<<X21,AttributeList>> preceding the table:

separator::
  The default DSV format colon separator can be changed using the
  'separator' attribute. For example: `[separator="|"]`.

frame::
  Defines the table border and can take the following values: 'topbot'
  (top and bottom), 'all' (all sides), 'none' and 'sides' (left and
  right sides). The default value is 'topbot'.

grid::
  Defines which ruler lines are drawn between table rows and columns.
  The 'grid' attribute value can be any of the following values:
  'none', 'cols', 'rows' and 'all'. The default value is 'none'. For
  example `[frame="all", grid="none"]`.

format, tablewidth::
  See <<X37,Markup Attributes>> below.

You can also use an AttributeList to override the following table
definition and ruler parameters: 'format', 'subs', 'tablewidth'.

[[X37]]
Markup Attributes
^^^^^^^^^^^^^^^^^
The following attributes are automatically available inside table tag
and markup templates.

cols::
  The number of columns in the table.

colalign::
  Column alignment assumes one of three values ('left', 'right' or
  'center'). The value is determined by the corresponding ruler column
  stop character (only valid inside 'colspec', `headdata`, `bodydata`
  and `footdata` tags).

colwidth::
  The output column widths are calculated integers (only valid inside
  'colspec', `headdata`, `bodydata` and `footdata` tags).

colnumber::
  The table column number starting at 1 (only valid inside 'colspec',
  `headdata`, `bodydata` and `footdata` tags).

format::
  The table definition 'format' value (can be overridden with
  attribute list entry).

tablewidth::
  The ruler 'tablewidth' value (can be overridden with attribute list
  entry).

pagewidth::
  The 'pagewidth' miscellaneous configuration option.

pageunits::
  The 'pageunits' miscellaneous configuration option.

The 'colwidth' value is calculated as (`N` is the ruler column width
number and `M` is the sum of the ruler column widths):

  ( N / M ) * pagewidth

If the ruler 'tablewidth' was specified the column width is multiplied
again by this value.

There is one exception: character rulers that have no 'pagewidth'
specified. In this case the 'colwidth' value is calculated as (where
`N` is the column character width measured on the table ruler):

  ( N / textwidth ) * pagewidth

The following attributes are available to the table markup template:

comspecs::
  Expands to N substituted 'comspec' tags where N is the number of
  columns.

headrows, footrows, bodyrows::
  These references expand to sets of substituted header, footer and
  body rows as defined by the corresponding row and data configuration
  parameters.

rows::
  Experimental attribute (number of source lines in table) available
  in table markup templates (used by experimental LaTeX backend).


[[X1]]
Manpage Documents
-----------------
Sooner or later, if you program for a UNIX environment, you're going
to have to write a man page.

By observing a couple of additional conventions you can compose
AsciiDoc files that will translate to a DocBook refentry (man page)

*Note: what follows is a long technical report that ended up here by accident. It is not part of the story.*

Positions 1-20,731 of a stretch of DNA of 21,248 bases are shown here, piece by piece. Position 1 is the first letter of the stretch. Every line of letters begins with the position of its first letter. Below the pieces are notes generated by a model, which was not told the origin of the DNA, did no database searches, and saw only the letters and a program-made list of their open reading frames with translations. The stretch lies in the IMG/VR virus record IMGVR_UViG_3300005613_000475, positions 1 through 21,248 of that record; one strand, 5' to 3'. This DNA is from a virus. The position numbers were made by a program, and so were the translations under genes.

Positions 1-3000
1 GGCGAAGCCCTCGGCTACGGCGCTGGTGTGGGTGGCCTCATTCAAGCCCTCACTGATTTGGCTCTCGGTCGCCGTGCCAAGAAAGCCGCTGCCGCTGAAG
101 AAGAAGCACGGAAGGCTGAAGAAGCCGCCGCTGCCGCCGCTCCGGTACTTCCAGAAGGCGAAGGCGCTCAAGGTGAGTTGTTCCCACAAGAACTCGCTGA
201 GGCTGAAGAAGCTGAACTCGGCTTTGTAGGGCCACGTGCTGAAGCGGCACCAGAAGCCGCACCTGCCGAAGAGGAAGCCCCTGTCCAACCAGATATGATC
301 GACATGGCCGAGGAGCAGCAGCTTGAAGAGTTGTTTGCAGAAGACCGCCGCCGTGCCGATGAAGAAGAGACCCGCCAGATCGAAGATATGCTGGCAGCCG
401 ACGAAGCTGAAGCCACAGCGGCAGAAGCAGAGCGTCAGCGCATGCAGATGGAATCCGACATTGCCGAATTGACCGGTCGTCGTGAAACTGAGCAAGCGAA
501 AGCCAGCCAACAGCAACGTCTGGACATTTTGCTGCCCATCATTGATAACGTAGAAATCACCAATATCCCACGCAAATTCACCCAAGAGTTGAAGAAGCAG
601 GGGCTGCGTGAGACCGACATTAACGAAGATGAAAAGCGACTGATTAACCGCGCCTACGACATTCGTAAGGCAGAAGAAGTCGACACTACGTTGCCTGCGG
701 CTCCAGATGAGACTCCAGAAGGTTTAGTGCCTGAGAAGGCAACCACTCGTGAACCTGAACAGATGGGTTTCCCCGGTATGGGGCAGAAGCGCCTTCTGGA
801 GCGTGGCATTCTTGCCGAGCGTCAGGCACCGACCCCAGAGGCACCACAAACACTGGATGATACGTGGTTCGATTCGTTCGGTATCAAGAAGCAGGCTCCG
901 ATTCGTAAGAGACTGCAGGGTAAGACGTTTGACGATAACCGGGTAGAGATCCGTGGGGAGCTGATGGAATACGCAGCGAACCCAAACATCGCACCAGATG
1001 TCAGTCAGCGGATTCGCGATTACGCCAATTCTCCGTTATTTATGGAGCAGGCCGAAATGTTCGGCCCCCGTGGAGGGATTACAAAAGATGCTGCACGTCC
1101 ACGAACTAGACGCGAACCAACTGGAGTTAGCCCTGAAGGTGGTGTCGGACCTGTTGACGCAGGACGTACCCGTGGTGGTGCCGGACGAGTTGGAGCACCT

document.  The resulting DocBook file can then be translated to the
native roff man page format (or other formats).

For example, the `asciidoc.1.txt` file in the AsciiDoc distribution
`./doc` directory was used to generate both the
`asciidoc.1.css-embedded.html` HTML file the `asciidoc.1` roff
formatted `asciidoc(1)` man page.

.Viewing and printing manpage files
**********************************************************************
Use the `man(1)` command to view the manpage file (you must include a
file path even if it's only `./` otherwise `man(1)` will look for the
file in the system manpage locations):

  $ man ./asciidoc.1

To print a high quality man page to a postscript printer:

  $ groff -mandoc -Tps asciidoc.1 | lpr

**********************************************************************

To find out more about man pages view the `man(7)` manpage
(`man 7 man` command).


Document Header
~~~~~~~~~~~~~~~
A document Header is mandatory. The title line contains the man page
name followed immediately by the manual section number in brackets,
for example 'ASCIIDOC(1)'. The title name should not contain white
space and the manual section number is a single digit optionally
followed by a single character.

The NAME Section
~~~~~~~~~~~~~~~~
The first manpage section is mandatory, must be titled 'NAME' and must
contain a single paragraph (usually a single line) consisting of a
list of one or more comma separated command name(s) separated from the
command purpose by a dash character. The dash must have at least one
white space character on either side. For example:

  printf, fprintf, sprintf - print formatted output

The SYNOPSIS Section
~~~~~~~~~~~~~~~~~~~~
The second manpage section is mandatory and must be titled 'SYNOPSIS'.


[[X7]]
Configuration Files
-------------------
AsciiDoc source file syntax and output file markup is largely
controlled by a set of cascading, text based, configuration files.  At
runtime The AsciiDoc default configuration files are combined with
optional user and document specific configuration files.

Configuration File Format
~~~~~~~~~~~~~~~~~~~~~~~~~
Configuration files contain named sections. Each section begins with a
section name in square brackets []. The section body consists of the
lines of text between adjacent section headings.

- Section names consist of one or more alphanumeric, underscore or